Hitching a ride southbound, unconscious of direction;
settling in, trapped by a breeze beneath the windshield
wiper for the long ride home: a deciduous leaf that moved
far away, borne upon a midnight drive, asleep and
a'waiting for the rains of fall to feed its mother's
bark. The woman who drives, steely cold, has eyes that
burn like matches. Steadily south she's guiding the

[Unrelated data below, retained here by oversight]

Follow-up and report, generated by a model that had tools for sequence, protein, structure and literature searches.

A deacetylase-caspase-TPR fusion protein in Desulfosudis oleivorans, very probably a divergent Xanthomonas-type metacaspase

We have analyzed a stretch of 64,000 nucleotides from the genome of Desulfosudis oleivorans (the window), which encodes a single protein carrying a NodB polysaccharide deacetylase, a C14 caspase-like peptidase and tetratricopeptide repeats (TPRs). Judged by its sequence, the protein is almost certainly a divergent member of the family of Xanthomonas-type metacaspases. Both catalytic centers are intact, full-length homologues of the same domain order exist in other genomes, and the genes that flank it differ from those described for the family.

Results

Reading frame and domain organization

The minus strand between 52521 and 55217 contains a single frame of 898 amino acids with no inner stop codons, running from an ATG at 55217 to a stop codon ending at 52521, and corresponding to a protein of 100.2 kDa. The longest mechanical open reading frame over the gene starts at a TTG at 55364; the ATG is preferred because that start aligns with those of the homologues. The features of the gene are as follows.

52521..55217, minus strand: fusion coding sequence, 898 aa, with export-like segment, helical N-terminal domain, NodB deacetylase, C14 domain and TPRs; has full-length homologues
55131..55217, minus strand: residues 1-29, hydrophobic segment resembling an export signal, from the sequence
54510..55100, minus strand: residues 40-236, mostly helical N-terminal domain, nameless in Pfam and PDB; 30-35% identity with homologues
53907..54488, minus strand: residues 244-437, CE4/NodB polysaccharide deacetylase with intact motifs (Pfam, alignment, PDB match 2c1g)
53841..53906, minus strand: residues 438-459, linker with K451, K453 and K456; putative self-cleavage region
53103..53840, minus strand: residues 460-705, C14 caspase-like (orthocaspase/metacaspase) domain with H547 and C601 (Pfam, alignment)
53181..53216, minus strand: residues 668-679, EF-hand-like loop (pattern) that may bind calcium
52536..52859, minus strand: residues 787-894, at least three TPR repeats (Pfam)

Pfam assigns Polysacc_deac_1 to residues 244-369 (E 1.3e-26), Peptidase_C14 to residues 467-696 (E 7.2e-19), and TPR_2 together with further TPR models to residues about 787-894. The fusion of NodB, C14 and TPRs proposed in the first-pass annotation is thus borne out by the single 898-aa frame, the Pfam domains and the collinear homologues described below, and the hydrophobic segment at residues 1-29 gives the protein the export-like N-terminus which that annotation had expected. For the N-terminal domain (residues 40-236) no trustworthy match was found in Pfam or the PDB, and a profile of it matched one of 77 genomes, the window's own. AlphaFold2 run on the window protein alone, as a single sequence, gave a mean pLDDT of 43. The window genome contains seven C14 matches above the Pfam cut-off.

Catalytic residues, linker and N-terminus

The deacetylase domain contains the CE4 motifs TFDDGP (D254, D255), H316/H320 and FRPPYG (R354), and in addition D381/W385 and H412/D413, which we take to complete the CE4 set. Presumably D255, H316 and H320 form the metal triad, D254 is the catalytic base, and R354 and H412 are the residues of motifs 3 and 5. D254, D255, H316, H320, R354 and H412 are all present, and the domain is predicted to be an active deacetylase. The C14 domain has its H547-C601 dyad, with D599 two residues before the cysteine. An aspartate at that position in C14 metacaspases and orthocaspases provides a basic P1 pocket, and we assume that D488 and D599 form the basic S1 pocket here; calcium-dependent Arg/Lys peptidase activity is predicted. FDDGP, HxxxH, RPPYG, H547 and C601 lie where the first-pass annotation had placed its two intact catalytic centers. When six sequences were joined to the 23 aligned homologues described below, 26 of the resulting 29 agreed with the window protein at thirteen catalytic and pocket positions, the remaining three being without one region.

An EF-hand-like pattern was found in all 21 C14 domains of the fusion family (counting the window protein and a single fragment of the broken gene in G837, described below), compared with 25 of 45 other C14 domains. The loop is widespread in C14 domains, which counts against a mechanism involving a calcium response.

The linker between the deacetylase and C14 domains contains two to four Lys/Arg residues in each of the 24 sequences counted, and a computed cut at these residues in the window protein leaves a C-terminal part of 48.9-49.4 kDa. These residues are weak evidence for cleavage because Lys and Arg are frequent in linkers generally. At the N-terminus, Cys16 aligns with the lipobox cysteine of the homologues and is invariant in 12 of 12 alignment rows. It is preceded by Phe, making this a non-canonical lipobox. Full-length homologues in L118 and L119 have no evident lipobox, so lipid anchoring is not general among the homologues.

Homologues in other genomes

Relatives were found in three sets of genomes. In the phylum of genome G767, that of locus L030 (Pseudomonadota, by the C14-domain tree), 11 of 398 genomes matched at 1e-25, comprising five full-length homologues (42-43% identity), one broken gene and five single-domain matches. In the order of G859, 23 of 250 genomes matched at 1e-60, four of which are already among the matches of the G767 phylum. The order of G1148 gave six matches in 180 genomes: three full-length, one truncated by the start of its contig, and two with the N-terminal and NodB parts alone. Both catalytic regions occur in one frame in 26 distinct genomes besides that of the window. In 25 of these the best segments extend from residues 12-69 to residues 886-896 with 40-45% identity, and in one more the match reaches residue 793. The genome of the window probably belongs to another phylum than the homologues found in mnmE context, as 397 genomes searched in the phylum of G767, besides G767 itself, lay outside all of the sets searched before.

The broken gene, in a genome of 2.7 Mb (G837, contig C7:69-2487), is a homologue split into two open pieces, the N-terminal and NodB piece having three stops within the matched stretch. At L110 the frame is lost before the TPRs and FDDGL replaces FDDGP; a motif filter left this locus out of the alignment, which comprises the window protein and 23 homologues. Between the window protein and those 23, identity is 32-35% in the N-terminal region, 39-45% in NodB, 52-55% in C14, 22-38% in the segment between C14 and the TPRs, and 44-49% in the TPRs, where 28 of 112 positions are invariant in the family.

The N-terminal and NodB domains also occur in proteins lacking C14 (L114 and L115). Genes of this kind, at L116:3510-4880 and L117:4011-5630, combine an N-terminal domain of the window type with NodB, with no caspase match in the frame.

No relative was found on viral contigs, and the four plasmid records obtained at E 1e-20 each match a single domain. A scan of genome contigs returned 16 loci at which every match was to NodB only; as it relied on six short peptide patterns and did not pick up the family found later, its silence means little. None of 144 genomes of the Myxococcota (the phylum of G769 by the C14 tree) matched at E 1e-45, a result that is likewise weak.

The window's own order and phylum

wheels, every inch just a little bit farther from defeat.
She thinks of that boy behind her. She thinks about the
job she'll begin in the morning. Teasing the clutch, she
turns her wrist to mute and disembowel the radio.
Hitching a ride southbound, paid with no remark, no
reflection. Down like a slide in Picollo Park, where two
people kissed near a tree as a cat watched in the dark.
Leaves know nothing of love, just the cycle of time:
before, then again, and for sure next summer. When the
lady arrives, her rider will drop to rest on a foreign